Jonathan Cainer, 1957-2016

by Stephen Lord

On the recent Planet Waves FM, I mentioned that Jonathan had a technical partner whose name I did not know. That would be Stephen Lord, who just wrote to introduce himself to me, and sent this letter. — efc

Stephen Lord, second left, with Jonathan, Muneori and the rest of their Japanese entourage, 2014.

I remember the first time I met Jonathan.

It was in the early 80s and I was working for a small IT firm, Senlac Systems in west London, when the MD of the company introduced us.

“This is Jonathan Cainer,” he said. “He’s got an idea for an astrology program and I thought you two might be a good match.”

We chatted briefly, realized that my interest in astronomy would prove useful and agreed to try working together. Thus started a relationship which lasted for more than 30 years.

We wrote that first astrology program working in and sometimes sharing a small bedsit in Swiss Cottage. Whilst I was crouched over my keyboard, trying to cram the future of the solar system into an astonishingly tiny (by today’s standards) amount of computer memory, Jonathan was crouched over his, writing the interpretations for the program — and also working on a small book called Love Signs.

We’d take a break to watch ‘Hill Street Blues’ and ‘Soap’ on a small TV and test recipes from The Junk Food Vegetarian, yet another book Jonathan was working on at the time.

Nothing much became of The Junk Food Vegetarian, or the astrology program, until later. But the publication of Love Signs would trigger both the start of Jonathan’s career as an astrologer and of our ongoing collaboration.

One evening, I got an excited phone call from Jonathan. He had received a call from the editor of ‘Woman’ magazine. She had read Love Signs, and wanted to promote a computer horoscope chart via the magazine.

The deadline was just one month from the time we received the request.

So, we went for it. Jonathan started writing the interpretations and I started programming — on a BBC Master sporting a massive, state of the art, 5MB hard drive.

We made the January deadline by staying up night after night, me sleeping on the couch when exhausted and programming all the hours I was awake.

We parted ways for a while after that. I ran off to join a rock ‘n’ roll band and busk around Europe with my girlfriend of the time, in a hand-painted Volkswagen camper van having the time of my life.

Meanwhile, Jonathan’s career went from strength to strength. He was commissioned by Edie Shah, the editor of the newly minted ‘Today’ newspaper to produce an entire page of Astrology and New Age related content. The ‘premium phone lines’ were set up and Jonathan’s profile just grew and grew.

After returning from my adventures, I went to say “hi again” to Jonathan and we struck up our friendship once more.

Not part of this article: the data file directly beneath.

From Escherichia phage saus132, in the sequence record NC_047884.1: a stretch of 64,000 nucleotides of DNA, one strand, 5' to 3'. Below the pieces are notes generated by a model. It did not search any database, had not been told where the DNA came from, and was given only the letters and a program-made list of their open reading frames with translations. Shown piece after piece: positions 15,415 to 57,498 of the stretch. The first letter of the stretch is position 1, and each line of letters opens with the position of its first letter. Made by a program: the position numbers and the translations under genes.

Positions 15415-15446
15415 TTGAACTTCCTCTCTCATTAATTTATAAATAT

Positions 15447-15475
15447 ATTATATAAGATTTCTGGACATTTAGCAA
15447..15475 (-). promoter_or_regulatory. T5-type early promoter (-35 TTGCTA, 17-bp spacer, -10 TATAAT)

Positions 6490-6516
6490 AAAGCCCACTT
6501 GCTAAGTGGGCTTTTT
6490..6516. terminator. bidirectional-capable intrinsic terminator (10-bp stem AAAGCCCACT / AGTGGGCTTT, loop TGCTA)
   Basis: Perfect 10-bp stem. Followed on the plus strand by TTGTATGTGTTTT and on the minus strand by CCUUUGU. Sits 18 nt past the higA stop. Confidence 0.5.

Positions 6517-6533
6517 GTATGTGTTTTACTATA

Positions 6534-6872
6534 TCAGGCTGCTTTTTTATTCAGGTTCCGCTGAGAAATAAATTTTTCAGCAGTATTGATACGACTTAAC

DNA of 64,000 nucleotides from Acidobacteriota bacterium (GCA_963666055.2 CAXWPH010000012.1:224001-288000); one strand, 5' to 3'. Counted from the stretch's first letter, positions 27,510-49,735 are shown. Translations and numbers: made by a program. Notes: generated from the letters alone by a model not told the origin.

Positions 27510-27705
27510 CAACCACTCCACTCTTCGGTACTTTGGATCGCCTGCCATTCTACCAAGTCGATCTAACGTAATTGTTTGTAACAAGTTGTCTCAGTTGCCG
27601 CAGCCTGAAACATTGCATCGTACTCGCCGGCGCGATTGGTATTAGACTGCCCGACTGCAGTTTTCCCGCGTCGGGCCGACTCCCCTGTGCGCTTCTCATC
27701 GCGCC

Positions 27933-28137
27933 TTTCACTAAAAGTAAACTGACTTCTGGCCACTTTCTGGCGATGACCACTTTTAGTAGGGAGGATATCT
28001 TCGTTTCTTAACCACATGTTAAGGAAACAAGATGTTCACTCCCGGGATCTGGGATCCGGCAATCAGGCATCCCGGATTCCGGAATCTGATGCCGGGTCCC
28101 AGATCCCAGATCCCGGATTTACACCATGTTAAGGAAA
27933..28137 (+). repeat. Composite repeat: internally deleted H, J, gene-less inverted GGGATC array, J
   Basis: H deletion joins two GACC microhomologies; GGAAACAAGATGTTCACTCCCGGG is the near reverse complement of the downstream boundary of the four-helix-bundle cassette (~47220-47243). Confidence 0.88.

Then, in 1994, I had my first glimpse of a new phenomenon known as the ‘World Wide Web’ whilst chatting to Daniel, Jonathan’s brother, in his small attic music studio in North London.

I was knocked out by what I saw. Surely this was the future I was looking at; a vast, global network of information available to anyone simply by pointing and clicking with a computer mouse.

I bought myself a brand new laptop, set off for York and, in front of an open fire in Jon’s home office at the ‘Manor House’ in Oulston, proposed that we immediately set up one of these new-fangled websites, featuring his daily forecasts.

At the time, I think, only one other astrologer was publishing on the web: Rob Brezsny, with his weekly forecasts.

So, for the next few years, while I was running an internet software company as a day job, we published Jonathan’s forecasts diligently six days a week, despite there being no revenue to support it. This was before internet advertising existed, even as a gleam in an avaricious advertising exec’s eye. It was an act of faith and belief in the future, an attitude and outlook that has always defined Jonathan’s work and vision.

The rest, as they say, is history.

Jonathan’s work online was followed by increasing numbers of people as they discovered the allure of the internet and the world wide web, and found there, waiting for them, Jonathan’s inspirational writings.

Since that time we have worked together continuously; sometimes with great unity of purpose, optimism and enthusiasm; other times locking horns as his wild adventurous Sagittarian soul would clash with my cool, analytic Virgoan approach. We would argue many times, but never lost sight of the respect and affection we had for each other.

I spoke with him a few days before he passed on and had an email exchange about a new project the evening before he left us.

I miss, and will miss, him greatly. He was truly a wildly generous, crazy, loving, maddening, big-hearted friend.

Rest in Peace Jonathan.

Your friend, always,
Stephen Lord.

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